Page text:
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By the rivers of Babylon there we sat and wept, remembering Zion;
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One thing that exasperated me when I used to attend Mass and recite the Divine Office in the Ordinary Form was its cavalier treatment of the Christmas season.  I wrote recently to Dr Peter Kwasniewski and invited him to let the Catholic world have a paper on the topic.  He sent me a schema he had prepared for the season just past posted at the end of this article.  The reader might care to peruse it before considering what follows.  As one commentator has remarked, the promoters of the Novus Ordo seem to subscribe to the view shared by the retail world that the Christmas season ends with Christmas Day.  The reader will note in particular the studied lack of commemorations of the Christmas season and the absence of Gloria and Creed throughout the Octave in the new rite.  A major element of dysfunction is the rushing of the feast of the Holy Family which should never precede the Epiphany.

The liturgy always used combine, in a single theme, three events: the Epiphany, the Baptism of the Lord and the celebration of the miracle at Cana, but it did so with discretion, separating the time of their celebration to reflect the great separation in time of the three events.  The Novus Ordo jumbles them together to the harm of each and the detriment of Christmas season and the Epiphany.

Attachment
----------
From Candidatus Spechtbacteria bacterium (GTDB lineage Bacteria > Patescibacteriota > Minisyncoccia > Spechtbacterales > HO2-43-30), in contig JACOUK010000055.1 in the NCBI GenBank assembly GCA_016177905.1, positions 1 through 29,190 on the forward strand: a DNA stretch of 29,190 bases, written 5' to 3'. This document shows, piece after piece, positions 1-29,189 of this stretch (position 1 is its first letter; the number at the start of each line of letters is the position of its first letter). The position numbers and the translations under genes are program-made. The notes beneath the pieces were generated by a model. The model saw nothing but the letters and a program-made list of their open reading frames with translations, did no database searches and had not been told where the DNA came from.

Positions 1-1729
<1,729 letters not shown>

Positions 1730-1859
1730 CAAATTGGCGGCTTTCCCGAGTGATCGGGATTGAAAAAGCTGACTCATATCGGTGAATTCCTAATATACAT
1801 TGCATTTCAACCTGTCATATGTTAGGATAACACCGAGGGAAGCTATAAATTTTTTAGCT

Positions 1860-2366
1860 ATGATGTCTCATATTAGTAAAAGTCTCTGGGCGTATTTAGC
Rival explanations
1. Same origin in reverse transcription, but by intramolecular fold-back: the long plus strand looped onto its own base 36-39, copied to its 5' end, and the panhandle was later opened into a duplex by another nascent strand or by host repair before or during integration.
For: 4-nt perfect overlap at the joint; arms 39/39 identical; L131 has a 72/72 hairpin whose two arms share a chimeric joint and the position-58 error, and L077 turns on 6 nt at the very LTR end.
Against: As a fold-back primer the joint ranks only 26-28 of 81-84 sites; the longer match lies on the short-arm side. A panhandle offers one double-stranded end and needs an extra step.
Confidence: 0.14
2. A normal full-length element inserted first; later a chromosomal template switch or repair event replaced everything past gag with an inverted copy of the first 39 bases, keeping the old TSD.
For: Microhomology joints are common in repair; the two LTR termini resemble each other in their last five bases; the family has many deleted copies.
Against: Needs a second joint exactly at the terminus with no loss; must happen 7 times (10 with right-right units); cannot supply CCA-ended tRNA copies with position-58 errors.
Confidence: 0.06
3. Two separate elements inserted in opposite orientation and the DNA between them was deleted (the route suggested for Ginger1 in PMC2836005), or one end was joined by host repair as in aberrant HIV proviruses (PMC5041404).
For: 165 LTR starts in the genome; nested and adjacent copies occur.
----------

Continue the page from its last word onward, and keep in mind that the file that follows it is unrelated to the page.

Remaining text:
The Epistle and Gospel readings in the new rite for the season are out of kilter.  It is as if the promoters of the Novus Ordo, driven by the imperative to get the faithful studying as much of the Old and New Testaments as possible in the two year/three year cycles had to hustle lest they fall behind schedule.  Consider the Epistle readings specified for 2nd to the 12th January, extracts from St John’s First Letter.  Splendid in content; just inappropriate.  Consider the Gospel passages for the same period, taken largely from St John; appropriate for the period leading up to Easter perhaps; completely inappropriate for the Christmas/Epiphany seasons.

Then there is the submersion of the feast of St Thomas a’Becket.  When one thinks of the immense sacrilege committed by the arch-Protestant Henry Tudor (Henry VIII), against the remains and the tomb of the great Archbishop of Canterbury because he had dared resist the secular power in the person of Henry II and undergo martyrdom in defence of Christ and His Church, his feast should never be overlooked.  Unfortunately, St Thomas joins dozens of other saints throughout the liturgical year to be  treated dismissively in the Novus Ordo.

All of this provides yet another motive for the faithful to return to the Usus Antiquior, the ‘extraordinary form’ of the Mass and its adherence to the Church’s ancient calendar for the liturgical year.

Michael Baker
January 19th—Second Sunday after the Epiphany (Extraordinary Form)
                Second Sunday of Ordinary Time  (Ordinary Form)